Last month, I read 6 books – thanks to the Kindle Unlimited library I had subscribed to. Ample food for thought for some book reviews. I would have loved to go through some classic sci-fi books, however, I chanced upon some historical and mythology books, one of them being The Mahabharata Quest.
Since I had already read through a series of books on Alexander, and was thoroughly piqued to see how Mahabharata is related to Alexander.
Turns out, it wasn’t! Read on to know more :)
The Mahabharata Quest
The Mahabharata Quest is a previous hit book by the same author, and it involves the same characters in another sequel.
The great thing about this book is how the author has interwoven the past and the present into one coherent novel. The book is about Alexander’s declaration of being a god (son of Zeus-AmmonRa), and how his prowess in battle could be attributed by scientific reasons.
I will not divulge into much details here, suffice to say that I started reading this book to see how Alexander is related to Mahabharata. Turns out the plot characters were connecting the two books. The good part about the book is that the author has done an excellent job of keeping a fast narrative and has the readers interested through the book till the end.
Yes, there are parts where the scenes seem to Bollywood like, but that’s entertainment for you. No, I am not a grammar nazi and I won’t complain about the bad English. If I can read C’Bag, then I might as well pay homage to the rest of the Indian authors.
Give this book a read, you might just enjoy it! Please keep in mind to not nitpick about mythology and history being intermingled like this, the narrative style is fast and something that I thoroughly enjoyed.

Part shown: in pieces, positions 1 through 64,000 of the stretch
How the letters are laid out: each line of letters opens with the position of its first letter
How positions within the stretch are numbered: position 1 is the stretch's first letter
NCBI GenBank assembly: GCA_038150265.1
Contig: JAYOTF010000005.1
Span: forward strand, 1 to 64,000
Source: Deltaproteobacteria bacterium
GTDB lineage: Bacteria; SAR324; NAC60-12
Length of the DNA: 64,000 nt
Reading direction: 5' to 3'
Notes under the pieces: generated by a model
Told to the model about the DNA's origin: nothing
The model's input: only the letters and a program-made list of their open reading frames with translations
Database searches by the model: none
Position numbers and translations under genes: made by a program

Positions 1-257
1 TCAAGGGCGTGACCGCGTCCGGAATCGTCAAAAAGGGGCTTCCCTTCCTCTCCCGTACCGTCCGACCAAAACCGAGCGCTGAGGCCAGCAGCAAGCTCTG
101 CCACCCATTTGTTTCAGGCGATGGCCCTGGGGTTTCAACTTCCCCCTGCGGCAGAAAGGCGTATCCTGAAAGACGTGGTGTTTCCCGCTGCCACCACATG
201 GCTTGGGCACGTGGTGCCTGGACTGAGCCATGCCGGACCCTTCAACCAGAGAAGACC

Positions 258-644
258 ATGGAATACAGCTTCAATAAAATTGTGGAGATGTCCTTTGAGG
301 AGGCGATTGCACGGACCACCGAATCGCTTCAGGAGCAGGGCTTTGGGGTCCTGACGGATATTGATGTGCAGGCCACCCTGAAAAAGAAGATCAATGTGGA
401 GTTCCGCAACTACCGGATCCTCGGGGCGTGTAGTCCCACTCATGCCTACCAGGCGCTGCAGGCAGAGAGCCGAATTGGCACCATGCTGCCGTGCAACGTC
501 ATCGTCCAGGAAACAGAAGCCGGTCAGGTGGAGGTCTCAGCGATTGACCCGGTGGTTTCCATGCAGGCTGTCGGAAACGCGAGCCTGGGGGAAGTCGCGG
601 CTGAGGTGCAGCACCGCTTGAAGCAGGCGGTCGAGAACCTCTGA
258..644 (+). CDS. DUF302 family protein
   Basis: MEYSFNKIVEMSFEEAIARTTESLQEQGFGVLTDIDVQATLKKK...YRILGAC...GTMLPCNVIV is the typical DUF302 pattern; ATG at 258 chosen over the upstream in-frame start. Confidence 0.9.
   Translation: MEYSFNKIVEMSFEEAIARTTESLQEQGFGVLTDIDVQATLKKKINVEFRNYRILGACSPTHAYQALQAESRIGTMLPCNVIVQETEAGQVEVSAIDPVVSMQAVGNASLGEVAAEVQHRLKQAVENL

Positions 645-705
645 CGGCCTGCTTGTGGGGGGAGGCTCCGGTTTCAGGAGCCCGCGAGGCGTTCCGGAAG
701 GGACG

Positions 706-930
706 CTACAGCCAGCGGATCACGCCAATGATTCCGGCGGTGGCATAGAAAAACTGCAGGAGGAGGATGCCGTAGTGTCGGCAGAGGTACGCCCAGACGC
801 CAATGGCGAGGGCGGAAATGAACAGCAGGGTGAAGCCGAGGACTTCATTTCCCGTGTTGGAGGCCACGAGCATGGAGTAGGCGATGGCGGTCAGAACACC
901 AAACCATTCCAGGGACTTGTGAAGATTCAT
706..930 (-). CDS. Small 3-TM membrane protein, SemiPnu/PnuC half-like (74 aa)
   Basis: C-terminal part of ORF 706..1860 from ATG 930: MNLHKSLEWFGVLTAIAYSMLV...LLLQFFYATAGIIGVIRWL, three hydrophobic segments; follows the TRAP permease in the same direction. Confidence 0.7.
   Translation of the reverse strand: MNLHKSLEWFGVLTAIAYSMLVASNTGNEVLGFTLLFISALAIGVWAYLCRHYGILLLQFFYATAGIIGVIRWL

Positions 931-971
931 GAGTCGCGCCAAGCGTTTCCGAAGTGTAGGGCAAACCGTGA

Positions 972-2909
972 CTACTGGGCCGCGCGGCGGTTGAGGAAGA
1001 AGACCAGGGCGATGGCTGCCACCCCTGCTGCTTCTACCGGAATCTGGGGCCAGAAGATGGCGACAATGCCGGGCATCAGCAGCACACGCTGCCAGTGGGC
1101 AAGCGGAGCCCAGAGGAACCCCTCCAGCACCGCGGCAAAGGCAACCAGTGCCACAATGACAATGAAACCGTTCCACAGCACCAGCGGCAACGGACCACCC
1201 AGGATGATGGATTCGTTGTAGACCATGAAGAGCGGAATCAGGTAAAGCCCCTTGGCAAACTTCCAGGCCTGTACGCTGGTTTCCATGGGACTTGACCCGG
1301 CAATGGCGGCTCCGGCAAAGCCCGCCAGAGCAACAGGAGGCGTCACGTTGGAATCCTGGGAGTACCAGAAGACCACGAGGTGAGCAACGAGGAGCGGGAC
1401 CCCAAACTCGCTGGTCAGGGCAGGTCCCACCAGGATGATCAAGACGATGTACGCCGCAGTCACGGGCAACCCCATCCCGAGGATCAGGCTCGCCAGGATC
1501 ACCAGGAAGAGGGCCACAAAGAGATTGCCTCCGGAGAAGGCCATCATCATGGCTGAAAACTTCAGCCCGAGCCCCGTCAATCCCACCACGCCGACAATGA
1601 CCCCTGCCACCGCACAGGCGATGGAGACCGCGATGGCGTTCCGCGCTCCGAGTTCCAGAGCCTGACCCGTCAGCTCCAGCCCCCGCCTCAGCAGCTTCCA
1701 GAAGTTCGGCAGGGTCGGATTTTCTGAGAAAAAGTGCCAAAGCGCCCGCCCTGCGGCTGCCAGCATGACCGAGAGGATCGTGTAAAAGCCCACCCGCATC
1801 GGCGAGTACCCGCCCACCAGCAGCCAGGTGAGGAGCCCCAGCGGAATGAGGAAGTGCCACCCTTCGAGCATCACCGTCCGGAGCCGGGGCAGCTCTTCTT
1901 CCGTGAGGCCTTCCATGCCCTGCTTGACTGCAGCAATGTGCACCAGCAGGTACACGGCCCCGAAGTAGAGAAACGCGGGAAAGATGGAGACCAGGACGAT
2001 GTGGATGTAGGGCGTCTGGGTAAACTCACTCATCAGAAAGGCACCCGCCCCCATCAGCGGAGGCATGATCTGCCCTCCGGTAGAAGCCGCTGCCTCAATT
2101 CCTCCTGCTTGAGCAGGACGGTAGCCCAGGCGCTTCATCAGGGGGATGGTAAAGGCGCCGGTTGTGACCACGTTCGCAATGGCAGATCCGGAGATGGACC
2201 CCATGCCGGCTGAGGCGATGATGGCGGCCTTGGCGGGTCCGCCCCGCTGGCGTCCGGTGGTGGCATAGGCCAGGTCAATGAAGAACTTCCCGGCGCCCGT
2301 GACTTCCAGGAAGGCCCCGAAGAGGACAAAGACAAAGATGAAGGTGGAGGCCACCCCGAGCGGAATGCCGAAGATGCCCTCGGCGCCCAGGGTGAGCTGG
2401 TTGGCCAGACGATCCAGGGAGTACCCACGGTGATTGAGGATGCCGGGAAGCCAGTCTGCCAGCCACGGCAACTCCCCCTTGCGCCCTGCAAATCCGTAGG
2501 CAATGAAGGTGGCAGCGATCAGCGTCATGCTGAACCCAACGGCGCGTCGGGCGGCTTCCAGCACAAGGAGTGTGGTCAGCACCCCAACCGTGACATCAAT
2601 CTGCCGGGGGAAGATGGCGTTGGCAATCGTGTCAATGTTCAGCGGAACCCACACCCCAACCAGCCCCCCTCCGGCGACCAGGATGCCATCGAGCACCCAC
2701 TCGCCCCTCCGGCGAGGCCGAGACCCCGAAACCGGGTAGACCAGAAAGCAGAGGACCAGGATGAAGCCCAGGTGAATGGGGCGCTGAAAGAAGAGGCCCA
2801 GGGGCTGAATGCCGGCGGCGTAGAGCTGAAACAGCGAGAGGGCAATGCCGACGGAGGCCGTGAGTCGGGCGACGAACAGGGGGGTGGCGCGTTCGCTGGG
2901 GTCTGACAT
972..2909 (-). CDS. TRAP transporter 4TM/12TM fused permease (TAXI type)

A major part of all Alexander the Great’s battle strategy included cavalry. The light cavalry for quick raids (which I shall cover in a separate post) and the heavy cavalry (or his Companions as the vanguard unit). In fact the fall of Alexander was largely attributed due to a mutiny amongst his vanguard troops.
Learn from history.
A liberal use of heavy cavalry units right from the start of the game can really make a difference between a well fought battle and a whooping victory. Here’s how –
When I was playing a random map, I was given Mongols (but I mistook them for Lakota!! mea culpa!!). Fortunately, my strategy was unaffected by misinterpretation, I still was going to make Stables, and raid early with cavalry, and then focus on an army of heavy cavalry. The map style was Himalayas, so that helped!
Start booming and race to Age II. Have a barracks ready and some defense troops.
After Age II, go Mil2 and Sci2
Build a Stable, and get a Despot
Have 2 Heavy Cavs, and 2 Horse archers ready. This alongwith the Despot is your flash army.
The flash army can move fast (doubly so if used forced march), ambush and patrol the enemy territory for taking out merchants, caravans and resource buildings
It can also hold a sizeable army until you build defenses and/or send reinforcements
Start building your main army slowly and steadily using the resources from raiding while your flash army keeps the enemy engaged. I prefer to build a separate artillery force (3 trebuchets and a supply wagon) and make an attack on one of the outposts
A small bit of micro-management and you should get one of the computer’s cities
The cool part about focusing on Heavy cavalry on a map like Himalayas is that wood and iron is abundant, so siege weapons come easily.
Even if you fail at doing well early on the game, keep your heavy cavs alive and they turn into formidable tanks!
I myself am not that big into cavalry, but today while mistakenly taking the Mongols for Lakota, I realized just about how awesome they can be. I had roughly 4-5 HI, 2 bowmen, 6-7 Heavy cavs, a despot, 4 cannons and a supply wagon with some heavy archers to spare (Mongols, get them free for each stable, so did not keep a count, although I had 3 stables). Almost all of my food came from raiding and sacks.